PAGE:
Fall Semester 2011
ENG 760K(1): Genres: Reinventing the Author (LSE, CSAP, CW)
||Description and Organization
This seminar will examine modern theorizations of the author from Roland Barthes or before to the present. In considering how the term has been evolving, we will read primary and secondary texts that trace concepts of author functions and positionalities, especially as these bear heavily on autobiographical presentation, subjectivity, voice, identity, and memory. Barthes' early conceptions and gradual revisions of authorial identity--from “The Death of the Author” to his full length Roland Barthes by Roland Barthes--will serve paradigmatically in our discussions of other works that revise or reinvent how we regard authorial identity and writing/reading practices. Reading selected chapters from Philippe Lejeune's groundbreaking Le Pacte autobiographique (The Autobiographical Pact), we’ll see that Lejeune recognized the importance of Barthes’ maneuvers for the future of auto/biography studies. A few weeks on Modernism will give us a chance to critically study Modernist ideals of "depersonalization" and how they became a subterfuge for collaborative authorship and autobiographical emplotment. In the remaining weeks, we will examine examples of ways in which editing, composing, and publishing pressures account for Pound's ghostediting of T. S. Eliot’s poem, The Waste Land and for Gertrude Stein’s ventriloquism in The Autobiography of Alice B. Toklas. We’ll examaine other auto/biographical and fictional works to see how relational and displaced witnessing, the dynamics of power in partnership, and extraordinary spiritual or physical conditions lead to reinventions of the author. The seminar may be structured according to units such as “Reinventing the Author through the Death of the Author," Recasting the Modernist Author," “From the Interviewed Author to Proxy Witnessing,” “Author Multiplications” and “Legacy Writing and Author Disappearances.”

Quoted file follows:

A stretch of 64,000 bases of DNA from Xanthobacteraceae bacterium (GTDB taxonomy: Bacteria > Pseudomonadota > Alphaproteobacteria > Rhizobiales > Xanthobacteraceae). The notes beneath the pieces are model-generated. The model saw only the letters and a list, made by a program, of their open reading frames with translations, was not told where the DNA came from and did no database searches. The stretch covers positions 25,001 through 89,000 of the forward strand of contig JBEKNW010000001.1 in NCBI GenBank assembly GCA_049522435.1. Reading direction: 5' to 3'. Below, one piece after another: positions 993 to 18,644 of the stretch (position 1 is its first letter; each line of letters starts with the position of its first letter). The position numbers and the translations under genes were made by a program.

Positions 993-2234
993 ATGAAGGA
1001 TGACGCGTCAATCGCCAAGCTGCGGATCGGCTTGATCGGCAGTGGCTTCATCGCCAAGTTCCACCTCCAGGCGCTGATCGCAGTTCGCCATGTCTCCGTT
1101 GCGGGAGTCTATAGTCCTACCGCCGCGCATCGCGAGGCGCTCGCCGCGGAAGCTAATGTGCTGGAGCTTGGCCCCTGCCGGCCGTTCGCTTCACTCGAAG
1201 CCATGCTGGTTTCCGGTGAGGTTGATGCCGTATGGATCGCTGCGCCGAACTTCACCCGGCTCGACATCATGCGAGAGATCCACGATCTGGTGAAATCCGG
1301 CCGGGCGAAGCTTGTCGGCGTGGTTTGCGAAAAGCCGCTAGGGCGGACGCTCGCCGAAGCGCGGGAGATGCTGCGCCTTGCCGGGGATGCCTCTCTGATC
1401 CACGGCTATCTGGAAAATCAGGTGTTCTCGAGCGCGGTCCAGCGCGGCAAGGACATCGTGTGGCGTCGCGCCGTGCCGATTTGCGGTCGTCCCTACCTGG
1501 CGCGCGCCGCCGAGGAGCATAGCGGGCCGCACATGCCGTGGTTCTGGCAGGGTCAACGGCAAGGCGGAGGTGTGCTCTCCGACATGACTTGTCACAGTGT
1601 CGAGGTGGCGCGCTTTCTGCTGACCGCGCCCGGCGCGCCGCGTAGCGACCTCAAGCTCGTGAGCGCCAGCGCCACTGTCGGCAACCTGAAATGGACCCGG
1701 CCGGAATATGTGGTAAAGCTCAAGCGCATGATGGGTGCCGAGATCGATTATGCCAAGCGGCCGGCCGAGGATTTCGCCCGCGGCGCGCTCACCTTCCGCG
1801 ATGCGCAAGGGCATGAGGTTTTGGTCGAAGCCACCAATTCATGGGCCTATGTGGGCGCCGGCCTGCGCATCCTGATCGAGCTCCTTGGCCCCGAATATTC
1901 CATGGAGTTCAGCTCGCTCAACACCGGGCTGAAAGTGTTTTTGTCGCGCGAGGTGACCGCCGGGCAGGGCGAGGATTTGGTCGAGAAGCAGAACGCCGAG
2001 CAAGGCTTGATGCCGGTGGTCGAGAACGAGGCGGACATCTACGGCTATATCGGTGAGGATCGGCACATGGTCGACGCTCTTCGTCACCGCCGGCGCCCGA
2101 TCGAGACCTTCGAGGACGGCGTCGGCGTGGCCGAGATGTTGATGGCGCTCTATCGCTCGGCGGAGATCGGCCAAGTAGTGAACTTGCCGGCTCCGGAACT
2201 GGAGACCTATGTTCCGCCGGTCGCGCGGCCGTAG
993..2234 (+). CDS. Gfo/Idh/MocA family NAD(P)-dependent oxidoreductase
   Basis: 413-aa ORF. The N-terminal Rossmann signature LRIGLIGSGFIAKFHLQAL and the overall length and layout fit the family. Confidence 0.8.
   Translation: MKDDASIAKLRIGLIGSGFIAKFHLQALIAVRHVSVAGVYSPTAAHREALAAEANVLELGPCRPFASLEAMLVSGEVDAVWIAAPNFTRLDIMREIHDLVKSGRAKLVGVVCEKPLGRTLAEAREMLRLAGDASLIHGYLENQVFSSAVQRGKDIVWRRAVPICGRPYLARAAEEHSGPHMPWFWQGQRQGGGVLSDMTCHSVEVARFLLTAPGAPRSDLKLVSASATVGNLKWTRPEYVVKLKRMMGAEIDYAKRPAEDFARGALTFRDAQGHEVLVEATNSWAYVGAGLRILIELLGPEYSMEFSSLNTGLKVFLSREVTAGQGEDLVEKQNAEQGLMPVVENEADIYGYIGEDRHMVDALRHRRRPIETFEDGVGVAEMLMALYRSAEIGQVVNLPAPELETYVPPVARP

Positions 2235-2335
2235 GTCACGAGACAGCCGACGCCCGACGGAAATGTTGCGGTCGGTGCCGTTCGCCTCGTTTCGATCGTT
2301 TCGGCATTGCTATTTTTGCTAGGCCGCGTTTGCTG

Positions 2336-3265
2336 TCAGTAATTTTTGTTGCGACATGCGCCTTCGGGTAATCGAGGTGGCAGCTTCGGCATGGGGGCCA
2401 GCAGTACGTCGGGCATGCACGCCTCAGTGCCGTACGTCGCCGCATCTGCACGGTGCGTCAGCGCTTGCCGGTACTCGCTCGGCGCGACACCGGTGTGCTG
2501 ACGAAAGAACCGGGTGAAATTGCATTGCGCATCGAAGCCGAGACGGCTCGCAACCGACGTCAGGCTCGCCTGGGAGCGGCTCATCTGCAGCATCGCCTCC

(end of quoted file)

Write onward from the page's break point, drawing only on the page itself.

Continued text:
Goals: To understand “author” through theoretical and pragmatic perspectives; to recognize that voice/person/protagonist/narrator is a multileveled phenomenon that is readily altered, challenged, recirculated and remediated for various consumers and social environments.
Roland Barthes, Roland Barthes by Roland Barthes
T. S. Eliot, The Waste Land: Facsimile Edition
Zora Neale Hurston, Dust Tracks on a Road
Patricia Grace, Potiki
Jean-Dominique Bauby, The Diving Bell and the Butterfly
Art Spiegelman, Maus
Philippe Claudel, Brodeck
Oliver Sacks, The Mind’s Eye
Essays selected from: Georges Gusdorf, “Conditions and Limits of Autobiography”; Roland Barthes, “The Death of the Author”; Michel Foucault, “What is an Author?”; Martha Woodmansee, “On the Author Effect: Recovering Collectivity”; Thomas Couser, “Making, Taking, and Faking Lives: The Ethics of Collaborative Life Writing”; Catharine Stimpson, “Gertrice/Altrude: Stein, Toklas, and the Paradox of the Happy Marriage”; Emily Apter, “What Is Yours, Ours, and Mine: Authorial Ownership and the Creative Commons”; Kathleen Hayles, “Translating Media”; Mark Sanders, “Theorizing the Collaborative Self: The Dynamics of Contour and Content in the Dictated Autobiography”; Lisa Ede and Andrea Lunsford, “Collaboration and Concepts of Authorship”; from Jack Stillinger, Multiple Authorship and the Myth of the Solitary Genius; Margreta De Grazia, “Sanctioning Voice: Quotation Marks, the Abolition of Torture, and the Fifth Amendment Requirements”; Walter Benjamin, “The Author as Producer”; John Updike, “The End of Authorship”; Michael North, “Authorship and Autography”; Philippe Lejeune, from On Autobiography and "The Diary on the Computer."
Requirements: Online discussions; one or two oral presentations with an annotated bibliography; one short essay; a final seminar project.